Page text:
'* * * In the last analysis the question of the validity of a given search and seizure must be determined by reference to whether that particular search and seizure were reasonable or unreasonable, and that determination must be made on a case to case basis in the light of all of the surrounding facts and circumstances. United States v. Rabinowitz, supra (1950, 339 U.S. 56, 70 S.Ct. 430, 94 L.Ed. 653); Harris v. United States, supra (1947, 331 U.S. 145, 67 S.Ct. 1098, 91 L.Ed. 1399); Lawson v. United States, supra (8 Cir., 1958, 254 F.2d 706); Kernick v. United States, 8 Cir., 242 F.2d 818; Schwimmer v. United States, 8 Cir., 232 F.2d 855.'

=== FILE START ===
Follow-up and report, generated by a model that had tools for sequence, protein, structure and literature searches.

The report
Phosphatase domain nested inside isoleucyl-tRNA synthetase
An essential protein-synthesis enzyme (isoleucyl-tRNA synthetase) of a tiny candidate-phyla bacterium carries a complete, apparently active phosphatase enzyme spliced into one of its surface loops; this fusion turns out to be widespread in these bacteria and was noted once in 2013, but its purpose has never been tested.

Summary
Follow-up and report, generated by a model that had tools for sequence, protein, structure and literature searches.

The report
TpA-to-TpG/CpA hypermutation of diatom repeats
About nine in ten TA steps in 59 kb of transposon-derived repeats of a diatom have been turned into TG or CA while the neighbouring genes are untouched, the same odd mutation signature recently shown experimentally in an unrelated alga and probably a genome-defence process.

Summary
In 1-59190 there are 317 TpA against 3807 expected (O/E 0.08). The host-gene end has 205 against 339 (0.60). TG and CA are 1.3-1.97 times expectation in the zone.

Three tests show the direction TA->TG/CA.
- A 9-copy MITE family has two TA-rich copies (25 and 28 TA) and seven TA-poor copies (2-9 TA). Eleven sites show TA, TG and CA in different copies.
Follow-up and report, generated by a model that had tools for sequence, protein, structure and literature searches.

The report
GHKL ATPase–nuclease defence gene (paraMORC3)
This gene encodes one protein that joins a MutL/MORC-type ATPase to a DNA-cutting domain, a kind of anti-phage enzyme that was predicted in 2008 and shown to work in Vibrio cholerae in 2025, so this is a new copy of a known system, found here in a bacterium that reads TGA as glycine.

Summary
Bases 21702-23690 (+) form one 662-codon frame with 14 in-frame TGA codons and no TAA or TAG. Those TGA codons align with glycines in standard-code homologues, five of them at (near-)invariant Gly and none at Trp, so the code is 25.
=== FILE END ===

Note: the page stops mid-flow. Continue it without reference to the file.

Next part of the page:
The District Court was of the opinion that:
'* * * the search and seizure of the bullet here involved are sustainable on the theory that on March 5, 1963, the Roberts premises in El Dorado were in the possession and control of Mrs. Roberts, that she had a right of ingress and egress to and from the premises, and that by virtue of her relationship to the premises she had 'authority' to authorize the search.' 223 F.Supp. at 60.
It based its ruling to the effect that the search and seizure were not violative of the Fourth Amendment
'* * * on the fact that from a realistic and practical standpoint there was nothing unfair, unreasonable, or oppressive in the conduct of the federal and local officers involved.'